18/2 - Fall 2013
Russian Philosophy

Main cover

The 2013 Autumn issue of Forum Philosophicum is devoted to Russian Philosophy. The project of this thematic volume grew out of discussions during a conference held in Cracow at Ignatianum on the 27th and 28th of June, 2013, entitled “The Reception of Russian Thought in Europe.” Our Russian colleagues raised, then, a specific concern. They complained that Russian philosophy was not meeting with an appropriate reception in the West, and that commentaries and translations in the West frequently distorted the message of Russian thinkers. The Editorial Board offered, both during the conference and in subsequent announcements in Russian at Internet sites frequented by Russian intellectuals, the possibility of peer-reviewed publication in English in a journal whose editors were in a position to ensure that their ideas would be expressed in English without distortion. As a result, we are able to present our readers with not only several scholarly papers on such Russians philosophers as Semyon Frank, Nikolai Berdayev, and Vladimir Solovyov, but also two texts enabling Western readers to become somewhat acquainted with contemporary Russian thought, and to learn in more detail about the conditions in which philosophy was being practiced in the Russian-speaking world until recently.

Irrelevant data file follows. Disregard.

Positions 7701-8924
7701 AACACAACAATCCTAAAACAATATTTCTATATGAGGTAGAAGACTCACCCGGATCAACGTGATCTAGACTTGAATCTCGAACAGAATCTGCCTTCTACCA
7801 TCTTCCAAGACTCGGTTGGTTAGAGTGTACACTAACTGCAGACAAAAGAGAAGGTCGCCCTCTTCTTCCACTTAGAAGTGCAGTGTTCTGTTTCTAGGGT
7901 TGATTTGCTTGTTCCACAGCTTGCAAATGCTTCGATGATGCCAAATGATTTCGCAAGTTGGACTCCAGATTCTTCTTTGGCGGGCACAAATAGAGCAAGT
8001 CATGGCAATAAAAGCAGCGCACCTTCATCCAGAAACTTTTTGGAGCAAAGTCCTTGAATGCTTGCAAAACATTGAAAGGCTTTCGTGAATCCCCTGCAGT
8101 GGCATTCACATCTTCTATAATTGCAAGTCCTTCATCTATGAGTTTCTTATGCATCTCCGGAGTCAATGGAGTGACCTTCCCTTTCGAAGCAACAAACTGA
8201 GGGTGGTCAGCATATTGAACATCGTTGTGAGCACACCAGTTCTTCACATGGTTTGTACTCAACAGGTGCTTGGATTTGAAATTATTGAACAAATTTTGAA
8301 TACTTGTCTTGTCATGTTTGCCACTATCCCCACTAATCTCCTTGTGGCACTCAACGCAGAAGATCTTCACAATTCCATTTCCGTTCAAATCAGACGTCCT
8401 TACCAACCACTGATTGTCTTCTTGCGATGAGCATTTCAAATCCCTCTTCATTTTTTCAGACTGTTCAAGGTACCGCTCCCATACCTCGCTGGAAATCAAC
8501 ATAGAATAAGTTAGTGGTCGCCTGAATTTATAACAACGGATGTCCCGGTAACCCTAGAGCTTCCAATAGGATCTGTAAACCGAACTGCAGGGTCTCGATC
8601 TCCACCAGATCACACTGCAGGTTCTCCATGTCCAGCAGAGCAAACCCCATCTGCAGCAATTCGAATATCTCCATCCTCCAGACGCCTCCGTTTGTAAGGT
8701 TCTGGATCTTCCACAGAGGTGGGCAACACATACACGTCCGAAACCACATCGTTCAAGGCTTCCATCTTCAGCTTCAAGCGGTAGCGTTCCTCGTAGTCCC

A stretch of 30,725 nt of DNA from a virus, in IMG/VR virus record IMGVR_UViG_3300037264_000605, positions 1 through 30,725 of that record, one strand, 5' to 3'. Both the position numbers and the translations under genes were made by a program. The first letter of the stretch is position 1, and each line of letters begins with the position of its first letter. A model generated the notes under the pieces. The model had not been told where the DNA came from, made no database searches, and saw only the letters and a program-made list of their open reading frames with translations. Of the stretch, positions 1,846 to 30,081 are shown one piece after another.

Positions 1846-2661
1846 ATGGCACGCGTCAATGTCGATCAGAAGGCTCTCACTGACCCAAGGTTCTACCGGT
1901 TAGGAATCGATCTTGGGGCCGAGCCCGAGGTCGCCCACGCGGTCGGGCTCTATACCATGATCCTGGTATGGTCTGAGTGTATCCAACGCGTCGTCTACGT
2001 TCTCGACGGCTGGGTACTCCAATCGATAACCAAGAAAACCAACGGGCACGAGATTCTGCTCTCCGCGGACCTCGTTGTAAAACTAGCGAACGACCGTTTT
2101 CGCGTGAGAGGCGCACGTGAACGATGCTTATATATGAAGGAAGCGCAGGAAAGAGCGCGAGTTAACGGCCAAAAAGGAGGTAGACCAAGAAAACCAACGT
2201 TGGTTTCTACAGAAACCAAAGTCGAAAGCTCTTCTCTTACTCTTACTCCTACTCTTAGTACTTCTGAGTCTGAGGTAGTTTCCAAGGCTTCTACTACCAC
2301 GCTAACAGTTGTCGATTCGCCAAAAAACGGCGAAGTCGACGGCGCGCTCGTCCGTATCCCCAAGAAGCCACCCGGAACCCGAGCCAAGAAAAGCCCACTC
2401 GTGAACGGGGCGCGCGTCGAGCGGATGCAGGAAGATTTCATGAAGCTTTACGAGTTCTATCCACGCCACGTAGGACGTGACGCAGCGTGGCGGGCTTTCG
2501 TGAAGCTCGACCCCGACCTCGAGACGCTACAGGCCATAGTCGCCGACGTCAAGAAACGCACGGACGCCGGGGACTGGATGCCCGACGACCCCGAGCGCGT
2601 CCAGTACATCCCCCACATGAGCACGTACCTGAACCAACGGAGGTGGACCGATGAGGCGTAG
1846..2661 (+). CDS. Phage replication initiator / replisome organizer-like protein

The first such text is an essay by Maxim Kantor, the renowned contemporary Russian intellectual, painter, and philosopher. His proposition that renaissance and avant-garde are two recurrent but opposing phenomena within Western art and philosophy exemplifies contemporary Russian cultural criticism, in which political conservatism and a dialectical vision of history are combined in a manner that has no parallels in the West. It is followed by a historical study (whose complete text we publish in open access) by Svetlana M. Klimova and Elena S. Molostova, based on previously unpublished materials of the Institute of Scientific Atheism of the Academy of Social Sciences of the Central Committee of the Communist Party of the Soviet Union. The study shows how Marxist philosophy was viewed, and used primarily as a basis for the practice of social transformation, being focused as it was on eradicating from human minds any form of faith or religion.